The coating provides both the strength and durability of an alkyd stain and the ease of use of an acrylic product, including simple clean-up of tools with water. It is specially formulated to deliver maximum penetration, colour retention, adhesion and resistance to ultraviolet rays, humidity, rain, sleet and snow.
 

"Our research shows that homeowners want wood coatings that make their stain jobs easier, and the product's unique alkyd-acrylic combination does the trick," says Mario Mathieu, senior Product Manager for Woodcare at Sikkens.
 

Cetol SRD meets volatile organic compound (VOC) requirements, Mathieu explains, adding that sustainability was a key objective in developing the product. "Our goal is to always find new ways to do things in order to speed up sustainable growth."
 

With a translucent finish - allowing the wood grain to show through - Cetol SRD comes in eight different colours: natural, natural oak, cedar, teak, butternut, redwood, mahogany and dark oak.

More information, tips and advice on staining is available at www.sikkens.ca.



Courtesy of Newscanada
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Living in a small space can be quite a challenge! If you're an artist like me who is constantly creating something, the stuff that has accumulated can make you feel quite claustrophobic. Over the course of a year I've finally learned how to manage my space and all my stuff!

The first thing to do is to let go of unnecessary items. If there is something in storage that you haven't used in six months to a year, you probably won't use it again. Also, a good place to check is your closet. Go through each piece of clothing and if you haven't worn it in the past year, it's time to get rid of it. The best thing to do is to donate the goods to your local charity. There are plenty of unfortunate people out there who would treasure what you consider trash!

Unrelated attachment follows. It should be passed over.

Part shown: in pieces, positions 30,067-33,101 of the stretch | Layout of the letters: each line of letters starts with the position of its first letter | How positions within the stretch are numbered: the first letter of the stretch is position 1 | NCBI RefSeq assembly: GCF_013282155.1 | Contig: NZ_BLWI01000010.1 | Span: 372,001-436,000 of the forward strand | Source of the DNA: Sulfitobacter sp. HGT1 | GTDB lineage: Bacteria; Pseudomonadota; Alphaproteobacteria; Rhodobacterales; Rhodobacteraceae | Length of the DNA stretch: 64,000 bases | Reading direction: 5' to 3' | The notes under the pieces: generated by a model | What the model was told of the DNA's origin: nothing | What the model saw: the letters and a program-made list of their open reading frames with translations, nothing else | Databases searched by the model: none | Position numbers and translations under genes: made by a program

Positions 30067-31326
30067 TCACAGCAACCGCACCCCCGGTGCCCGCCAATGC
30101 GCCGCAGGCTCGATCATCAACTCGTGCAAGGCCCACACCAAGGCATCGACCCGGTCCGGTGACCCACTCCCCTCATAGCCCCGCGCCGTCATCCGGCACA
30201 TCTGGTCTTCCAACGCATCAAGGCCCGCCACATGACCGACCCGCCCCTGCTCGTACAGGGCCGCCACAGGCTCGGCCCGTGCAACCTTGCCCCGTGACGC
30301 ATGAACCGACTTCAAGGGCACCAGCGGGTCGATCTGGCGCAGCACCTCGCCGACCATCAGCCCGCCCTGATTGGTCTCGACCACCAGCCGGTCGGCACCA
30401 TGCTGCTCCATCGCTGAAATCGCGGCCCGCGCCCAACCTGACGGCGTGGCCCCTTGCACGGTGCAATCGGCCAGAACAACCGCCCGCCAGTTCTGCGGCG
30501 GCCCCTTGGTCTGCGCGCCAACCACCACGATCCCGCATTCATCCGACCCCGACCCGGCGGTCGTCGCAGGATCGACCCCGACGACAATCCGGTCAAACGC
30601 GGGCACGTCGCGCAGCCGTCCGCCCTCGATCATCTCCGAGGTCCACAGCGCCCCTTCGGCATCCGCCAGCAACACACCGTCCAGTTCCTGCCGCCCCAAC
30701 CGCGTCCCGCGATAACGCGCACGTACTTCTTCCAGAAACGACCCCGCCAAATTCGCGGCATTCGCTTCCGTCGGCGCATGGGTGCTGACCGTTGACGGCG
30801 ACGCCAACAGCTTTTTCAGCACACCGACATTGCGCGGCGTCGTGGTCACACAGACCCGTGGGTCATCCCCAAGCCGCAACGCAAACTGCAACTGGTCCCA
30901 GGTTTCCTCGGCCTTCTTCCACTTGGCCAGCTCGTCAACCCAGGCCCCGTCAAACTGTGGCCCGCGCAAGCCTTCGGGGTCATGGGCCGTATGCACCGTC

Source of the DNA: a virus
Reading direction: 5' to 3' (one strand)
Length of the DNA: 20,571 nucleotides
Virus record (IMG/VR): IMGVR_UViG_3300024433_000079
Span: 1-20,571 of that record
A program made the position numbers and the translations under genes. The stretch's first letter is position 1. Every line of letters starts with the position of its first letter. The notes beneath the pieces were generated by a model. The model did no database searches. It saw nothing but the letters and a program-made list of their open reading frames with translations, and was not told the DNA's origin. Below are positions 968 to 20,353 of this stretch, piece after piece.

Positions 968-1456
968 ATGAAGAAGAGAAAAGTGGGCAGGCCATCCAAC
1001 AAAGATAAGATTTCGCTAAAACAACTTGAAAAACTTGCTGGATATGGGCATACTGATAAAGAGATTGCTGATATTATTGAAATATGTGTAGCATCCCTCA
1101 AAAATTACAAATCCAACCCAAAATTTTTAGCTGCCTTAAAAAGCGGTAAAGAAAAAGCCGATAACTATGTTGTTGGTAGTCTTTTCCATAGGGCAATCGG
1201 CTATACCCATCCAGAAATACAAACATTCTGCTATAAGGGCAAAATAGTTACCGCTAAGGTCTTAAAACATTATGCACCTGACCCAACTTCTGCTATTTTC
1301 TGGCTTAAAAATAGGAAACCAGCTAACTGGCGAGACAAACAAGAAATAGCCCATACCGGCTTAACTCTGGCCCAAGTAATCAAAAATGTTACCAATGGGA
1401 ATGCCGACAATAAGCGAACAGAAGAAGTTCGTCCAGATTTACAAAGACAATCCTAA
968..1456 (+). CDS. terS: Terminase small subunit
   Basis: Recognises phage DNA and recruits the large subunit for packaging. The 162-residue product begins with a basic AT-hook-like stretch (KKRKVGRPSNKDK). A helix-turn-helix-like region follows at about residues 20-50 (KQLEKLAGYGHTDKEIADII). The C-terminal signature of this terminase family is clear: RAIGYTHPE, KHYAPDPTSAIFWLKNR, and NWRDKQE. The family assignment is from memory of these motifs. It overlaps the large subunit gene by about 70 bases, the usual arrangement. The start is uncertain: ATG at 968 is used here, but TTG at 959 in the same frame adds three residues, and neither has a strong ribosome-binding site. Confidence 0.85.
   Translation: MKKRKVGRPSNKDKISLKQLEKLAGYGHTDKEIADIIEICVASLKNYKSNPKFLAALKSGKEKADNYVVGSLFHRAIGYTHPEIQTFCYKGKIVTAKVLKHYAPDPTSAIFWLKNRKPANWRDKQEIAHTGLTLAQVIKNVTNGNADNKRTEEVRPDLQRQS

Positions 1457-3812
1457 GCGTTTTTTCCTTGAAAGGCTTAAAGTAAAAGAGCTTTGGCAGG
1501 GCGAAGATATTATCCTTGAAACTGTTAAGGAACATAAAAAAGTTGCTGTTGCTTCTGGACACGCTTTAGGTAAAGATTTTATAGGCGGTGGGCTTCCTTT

Now it's time to tackle the stuff that you do have. When living in a small space, it's all about storage. Consider multi-function furniture such as chests and ottomans that are useful for storage of blankets and clothes and can be used as tables or seats. A futon can serve as a couch during the day and a bed at night. With the things that you do have, it's best to try and store as much as possible as to make the room appear uncluttered. Less is definitely more in the case of small space living.

On the same note, bigger is also better. Small furniture does not make the room appear bigger. Rather, larger, bolder pieces of furniture draw the eye to them creating the illusion of a bigger room.

Create a wall of shelving to put books, magazines, and knick knacks. Grouping most of your belongings in one place rather than scattered all around the room frees up space to move around. Place baskets on the shelves for stray items and papers. Baskets can also be used to hold magazines and placed next to the couch or a chair.

Light is important in a small room. Try hanging a big mirror opposite the window(s) to reflect light into the room. Also, try to keep the fabrics used in the room a light color. In my studio I use a beige colored slipcover over my futon which I then cover with different colored pillows. Remember that dark colors absorb light and light colors reflect light.

You can divide space in a room by using screens or bookcases. Screens or bookshelves can be inexpensively made by purchasing wood at your local hardware or home store. They can be covered with fabric or painted to add a personal touch. Area rugs are also a good way to create division in a room.

With a little creativity you can make living in a small space as comfortable as living in a castle!

by: Maria Palma

http://www.articlecity.com/articles/home_improvement/article_3790.shtml
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(NC)-Home ownership is a big dream for many young Canadians, and is likely the single biggest investment most of us will make in our lives. While saving for a down payment can be challenging, Farhaneh Haque, director of mortgage advice at TD Canada Trust, says that young Canadians can save for a down payment a little quicker by following a few simple rules.